A High Court judge has decided against jailing a 60-year-old woman who conducted an “obsessive campaign” against her clergyman ex-husband.
But Mrs Justice Lieven has ordered the sale of Jean Gibbs’ house so that Methodist minister the Rev Charles Gibbs can raise money to pay legal bills he has run up.
Mr Gibbs, 70, who in recent years has lived in the Isles of Scilly, said his ex-wife had repeatedly falsely accused him of abusing their now grown-up son.
He said she had breached judges’ orders not to make such allegations and wanted her to be jailed for contempt of court.
Mrs Justice Lieven, who analysed the case at recent hearings in the Family Division of the High Court in London, has ruled in his favour.
But she has concluded that jailing Gibbs, of Attleborough, Norfolk, would not halt the “vendetta”.
Another judge had imposed a nine-month jail term, following an earlier application by Mr Gibbs, three years ago.
Mrs Justice Lieven said Gibbs had spent four-and-a-half months in jail and had “recommenced” sending emails as soon as she came out.
The judge said she had decided that the best way to protect Mr Gibbs was to publish a ruling which showed “the truth”.
Gibbs had publicised “the most lurid allegations” to as “wide an audience as possible”, said the judge.
Her behaviour had a “devastating impact” on Mr Gibbs’ quality of life and his ministry, she added.
“Mr Gibbs applied to commit his ex-wife Mrs Gibbs to prison for breaching two orders of the court that she should not publish allegations that he had abused their son 20 years ago,” said Mr Justice Lieven in her ruling, which was published on Wednesday.
“Mrs Gibbs applied to discharge those orders. Mrs Gibbs accepted that she had breached the orders on very many occasions but said that she had a reasonable excuse for doing so, arguing that the allegations are all true.”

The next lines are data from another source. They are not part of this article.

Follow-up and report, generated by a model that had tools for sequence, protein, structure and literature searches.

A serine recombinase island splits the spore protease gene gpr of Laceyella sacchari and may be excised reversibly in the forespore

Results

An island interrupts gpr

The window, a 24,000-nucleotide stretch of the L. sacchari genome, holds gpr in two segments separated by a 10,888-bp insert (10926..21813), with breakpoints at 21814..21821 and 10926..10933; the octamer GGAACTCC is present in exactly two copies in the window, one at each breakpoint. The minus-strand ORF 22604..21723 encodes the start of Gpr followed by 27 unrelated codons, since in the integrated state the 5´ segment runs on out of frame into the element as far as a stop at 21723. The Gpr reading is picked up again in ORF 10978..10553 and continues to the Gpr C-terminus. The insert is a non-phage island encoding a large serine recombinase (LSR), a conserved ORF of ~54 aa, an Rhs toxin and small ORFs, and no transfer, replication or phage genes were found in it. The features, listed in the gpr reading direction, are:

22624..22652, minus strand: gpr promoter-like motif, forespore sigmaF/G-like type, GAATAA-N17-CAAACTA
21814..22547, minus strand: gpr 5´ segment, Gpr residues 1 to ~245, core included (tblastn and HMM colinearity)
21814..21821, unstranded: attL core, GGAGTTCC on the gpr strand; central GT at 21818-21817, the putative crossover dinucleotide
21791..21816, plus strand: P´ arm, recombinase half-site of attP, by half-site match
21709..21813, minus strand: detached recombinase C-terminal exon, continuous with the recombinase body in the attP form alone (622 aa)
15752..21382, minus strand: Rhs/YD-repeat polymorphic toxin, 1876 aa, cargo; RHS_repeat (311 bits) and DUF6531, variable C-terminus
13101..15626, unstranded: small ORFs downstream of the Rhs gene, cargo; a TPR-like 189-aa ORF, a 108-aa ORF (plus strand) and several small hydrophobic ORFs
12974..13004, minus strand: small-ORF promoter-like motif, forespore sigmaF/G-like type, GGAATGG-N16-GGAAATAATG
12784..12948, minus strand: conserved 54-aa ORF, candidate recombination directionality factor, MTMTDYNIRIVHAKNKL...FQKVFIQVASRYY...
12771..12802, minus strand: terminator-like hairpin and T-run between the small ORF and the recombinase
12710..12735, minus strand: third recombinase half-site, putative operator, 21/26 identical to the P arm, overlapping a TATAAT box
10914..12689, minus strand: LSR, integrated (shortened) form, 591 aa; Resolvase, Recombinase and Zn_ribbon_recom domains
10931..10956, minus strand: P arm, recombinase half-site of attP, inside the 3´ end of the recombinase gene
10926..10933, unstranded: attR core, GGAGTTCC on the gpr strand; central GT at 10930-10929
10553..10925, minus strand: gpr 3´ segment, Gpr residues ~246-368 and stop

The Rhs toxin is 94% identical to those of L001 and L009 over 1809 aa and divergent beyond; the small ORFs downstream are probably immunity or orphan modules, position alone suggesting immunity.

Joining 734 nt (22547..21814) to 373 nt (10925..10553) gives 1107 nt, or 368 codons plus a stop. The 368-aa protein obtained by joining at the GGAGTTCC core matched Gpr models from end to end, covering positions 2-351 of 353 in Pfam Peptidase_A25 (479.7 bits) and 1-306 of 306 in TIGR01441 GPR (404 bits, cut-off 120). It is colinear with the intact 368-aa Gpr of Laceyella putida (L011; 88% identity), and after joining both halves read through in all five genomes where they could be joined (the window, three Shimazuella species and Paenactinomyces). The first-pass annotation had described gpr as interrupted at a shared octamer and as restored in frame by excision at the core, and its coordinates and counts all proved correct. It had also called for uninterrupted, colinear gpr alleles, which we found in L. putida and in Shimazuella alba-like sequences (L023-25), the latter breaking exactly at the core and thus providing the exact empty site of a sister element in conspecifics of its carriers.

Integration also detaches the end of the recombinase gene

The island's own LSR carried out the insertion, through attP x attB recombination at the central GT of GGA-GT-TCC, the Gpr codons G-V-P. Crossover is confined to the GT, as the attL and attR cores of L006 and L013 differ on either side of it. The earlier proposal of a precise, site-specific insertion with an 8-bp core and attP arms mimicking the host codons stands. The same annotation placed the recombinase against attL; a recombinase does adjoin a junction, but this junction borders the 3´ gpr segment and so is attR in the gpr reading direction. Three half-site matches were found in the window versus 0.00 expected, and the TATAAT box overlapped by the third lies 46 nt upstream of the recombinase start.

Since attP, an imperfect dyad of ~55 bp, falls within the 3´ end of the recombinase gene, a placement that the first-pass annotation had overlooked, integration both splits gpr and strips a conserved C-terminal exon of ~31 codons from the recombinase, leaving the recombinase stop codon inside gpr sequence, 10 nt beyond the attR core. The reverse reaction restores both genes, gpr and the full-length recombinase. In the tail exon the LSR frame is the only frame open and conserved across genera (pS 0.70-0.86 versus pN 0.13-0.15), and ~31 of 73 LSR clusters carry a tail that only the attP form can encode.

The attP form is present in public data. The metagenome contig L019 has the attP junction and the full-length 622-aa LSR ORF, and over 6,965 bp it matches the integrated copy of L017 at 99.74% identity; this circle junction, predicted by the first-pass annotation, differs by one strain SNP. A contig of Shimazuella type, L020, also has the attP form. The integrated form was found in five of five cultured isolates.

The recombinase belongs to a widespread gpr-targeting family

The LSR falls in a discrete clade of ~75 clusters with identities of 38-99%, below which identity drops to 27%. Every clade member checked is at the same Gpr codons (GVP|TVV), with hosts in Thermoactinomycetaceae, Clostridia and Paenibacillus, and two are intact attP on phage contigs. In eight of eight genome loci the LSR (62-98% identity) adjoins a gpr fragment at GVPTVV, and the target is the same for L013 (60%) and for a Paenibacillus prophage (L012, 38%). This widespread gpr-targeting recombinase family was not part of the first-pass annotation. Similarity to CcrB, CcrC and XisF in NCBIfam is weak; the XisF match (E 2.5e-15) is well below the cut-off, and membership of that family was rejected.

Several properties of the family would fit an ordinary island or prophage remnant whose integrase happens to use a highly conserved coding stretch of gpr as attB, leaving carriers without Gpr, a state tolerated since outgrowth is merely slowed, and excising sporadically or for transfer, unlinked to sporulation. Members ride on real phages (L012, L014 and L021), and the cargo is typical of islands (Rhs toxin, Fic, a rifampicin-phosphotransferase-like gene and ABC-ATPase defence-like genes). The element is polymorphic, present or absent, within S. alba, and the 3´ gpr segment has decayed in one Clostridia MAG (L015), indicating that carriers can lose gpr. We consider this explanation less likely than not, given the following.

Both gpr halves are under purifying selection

The judge added: “I have come to the clear conclusion that Mrs Gibbs’ allegations are not true. She has for many years been convinced of the truth of the allegations and has been conducting an obsessive campaign against her ex-husband. She frequently distorts the truth and alleges that various people have believed her when on examination this is not true.”
Mrs Justice Lieven said jailing Gibbs would not persuade her to end the campaign.
“I am confident that if I send her to prison, for however long, when she comes out she will continue her vendetta against Mr Gibbs,” said the judge.
“I therefore consider the more effective remedy for Mr Gibbs is for me to publish a full and detailed judgment, with an executive summary, so that he can distribute this to anyone who has been sent Mrs Gibbs’ allegations.”
She added: “I have also ordered the sale of Mrs Gibbs’ house to pay the costs of the various proceedings Mr Gibbs has been forced to bring.”
Mrs Justice Lieven said Mr Gibbs had run up more than £30,000 in lawyers’ bills taking legal action against his ex-wife.
Gibbs said she had “no intention” of paying those bills.
The judge said a sale of Gibbs’ house, thought to be worth more than £200,000, was the only way Mr Gibbs would recover his costs.
She said there was no evidence of “any other resources”.